When was the last time you told a friend with an illness, “I care about you”? Everyone needs to hear the words, “I don’t know what to say but I care about you.”
“I care about you.” We don’t hear it very often, do we? Those of us who are living with chronic illness can occasionally feel like no one really cares about us. Yes, that can sound trite and a little self-serving, but living in chronic pain every day can become lonely.
For example, our life may consist of spending the day on the phone trying to figure out what new medications we are not allergic to that the insurance will cover now that the co-payment has increased on the one we like best. Or we may be trying to read about how to fix the ice maker because it stopped making ice cubes for the ice bag we desperately need for our pain. Everyone around us seems to be going through the normal activities of life, like what to make for dinner or planning vacation with loved ones.
Although there is no shortage of people who send us newspaper clippings about the latest cure for our disease or fresh advice of “you should try. . . .”, the words, “I care about you. I am here,” are less common than most people would believe.
These are precious words we don’t hear every day:
“I don’t know what to say. I wish I could fix it all and take away your pain. I don’t know what you would like me to say, and I am so afraid of saying the wrong thing. But know this: I care about you. Truly. I care about you.“
If you have a friend with a chronic illness condition and you tend to avoid bringing up his or her illness because you are afraid of saying the wrong thing, take a moment and just say, “Hey, I know we don’t talk about all the stuff you deal with very often, but I don’t want there to ever be any doubt about this: I care about you. I am here if you need anything.”
You never know how that will add trust and joy to the relationship.
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Have you ever wanted to encourage someone with a chronic illness, but it seems like you never know what to say? Moreover, when you finally think of something you just know will make them smile, do they snap back at you with frustration?
Well, you are not alone. Because we truly want to help our friend or family member with a chronic condition, we often try to think of just the right words we can say to make all of the pain vanish from their life. If we can just “fix it” then we will not have to see them suffer anymore. Unfortunately, when we do try to come up with a quick answer, we often end up saying something that seems to irritate or offend our loved one.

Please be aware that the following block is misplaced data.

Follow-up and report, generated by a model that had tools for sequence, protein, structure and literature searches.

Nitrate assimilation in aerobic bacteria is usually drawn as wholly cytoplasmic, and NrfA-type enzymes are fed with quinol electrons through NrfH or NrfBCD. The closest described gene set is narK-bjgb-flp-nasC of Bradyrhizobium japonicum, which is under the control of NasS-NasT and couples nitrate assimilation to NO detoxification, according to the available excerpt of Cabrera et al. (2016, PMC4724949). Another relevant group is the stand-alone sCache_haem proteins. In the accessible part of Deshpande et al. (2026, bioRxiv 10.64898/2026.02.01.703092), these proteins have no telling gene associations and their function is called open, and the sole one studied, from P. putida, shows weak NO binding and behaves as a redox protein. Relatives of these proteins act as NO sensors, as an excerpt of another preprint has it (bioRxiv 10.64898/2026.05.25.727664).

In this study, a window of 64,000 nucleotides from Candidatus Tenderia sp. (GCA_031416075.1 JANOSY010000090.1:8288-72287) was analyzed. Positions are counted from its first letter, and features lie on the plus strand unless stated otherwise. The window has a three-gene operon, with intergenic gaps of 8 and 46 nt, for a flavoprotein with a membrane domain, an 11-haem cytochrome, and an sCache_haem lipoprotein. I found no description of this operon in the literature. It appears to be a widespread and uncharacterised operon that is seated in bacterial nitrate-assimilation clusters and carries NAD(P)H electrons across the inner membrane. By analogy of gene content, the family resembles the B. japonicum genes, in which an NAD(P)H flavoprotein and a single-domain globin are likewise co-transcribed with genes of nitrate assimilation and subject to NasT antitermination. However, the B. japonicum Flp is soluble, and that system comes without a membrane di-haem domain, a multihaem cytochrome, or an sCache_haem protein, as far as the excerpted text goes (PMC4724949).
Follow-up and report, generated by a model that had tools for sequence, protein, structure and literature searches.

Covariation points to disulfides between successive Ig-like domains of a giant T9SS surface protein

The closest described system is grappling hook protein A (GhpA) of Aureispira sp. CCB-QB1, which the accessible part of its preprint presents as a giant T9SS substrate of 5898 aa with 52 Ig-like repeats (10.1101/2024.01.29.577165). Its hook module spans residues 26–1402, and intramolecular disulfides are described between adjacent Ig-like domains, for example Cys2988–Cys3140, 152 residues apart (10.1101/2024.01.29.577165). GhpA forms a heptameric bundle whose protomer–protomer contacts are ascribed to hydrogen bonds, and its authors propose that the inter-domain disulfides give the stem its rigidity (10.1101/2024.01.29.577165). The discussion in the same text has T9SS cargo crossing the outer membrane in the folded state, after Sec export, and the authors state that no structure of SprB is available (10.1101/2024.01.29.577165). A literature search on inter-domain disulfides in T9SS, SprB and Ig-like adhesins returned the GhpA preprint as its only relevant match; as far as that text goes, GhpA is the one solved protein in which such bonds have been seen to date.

It is difficult to understand why they got upset, because to us what we had to say should have been helpful. Nonetheless, if we could simply jump into the life of our loved one, then we would see why our well-meaning comments were not so well-received. Often, it is our intention to help them “see the bright side” of their situation, so they can realize it is “not that bad.” The problem is that we have then failed to acknowledge their battle is very real and we have gone on to minimize its impact.
Sometimes we even try to point out another person who is “worse off” or try to relate by saying, “Ya, I am tired too.” Often, we disregard their limitations by attempting to talk them into doing what they know they cannot or should not do. Because we forget how anguishing is it to be ill and laid up, sometimes we even try to tell them “how lucky” they are to not have to work or clean their house.
What’s more, we cannot resist acting as if solving the problem is so simple when we exclaim, “why can’t you just take this or do that?” Likewise, we want so badly for them to be feeling better, that we refuse to hear the truth and do not allow them to be open and honest with us about what they are going through.
Besides not knowing what to say, we often do not know what to do. We often wish we could do something to help, but do not even know where to start. Our own lives can be so overwhelming and busy that we could never fathom having the time to run arrands, do chores and help clean someone else’s home too!
Nevertheless, what we fail to realize is that what might seem like an insignificant effort to us, may save our loved one an entire day or even week’s worth of energy. For example, just picking up a few things at the store while we are already there and taking out the trash when we drop them off does not take much of our time, but it can make a world of difference to them!.
In all, we can never fully comprehend what it is like to have a chronic condition, with all of the loss and pain it poses. Yet, we know we would not want to feel this way ourselves, so surely we can see what courage our loved one displays! We can even try to remember what it is like to have to put our lives on hold for even just a few days and tell our loved ones how amazed we are at their strength and perseverance!
People with chronic illness/pain would never choose to willingly give up activities they used to enjoy! In fact, they would do just about anything to get their lives back! Therefore, we can rest assured, knowing they will keep fighting, researching and pursuing ways to regain their lives or at least prevent further progression of the disease.
Yes, accepting what is happening to a loved one means having to deal with all of its pain, mourning and changes, but do not sell yourself short! After all, if they are forced to live with it, we can certainly choose to live next to it!
This article by Sherri L. Connell, contains excerpts from the booklet,“But You LOOK Good: A Guide to Understanding and Encouraging People with Chronic, Debilitating Illness and Pain!” Copyright ©1997, Revised 2002, The Invisible Disabilities Advocate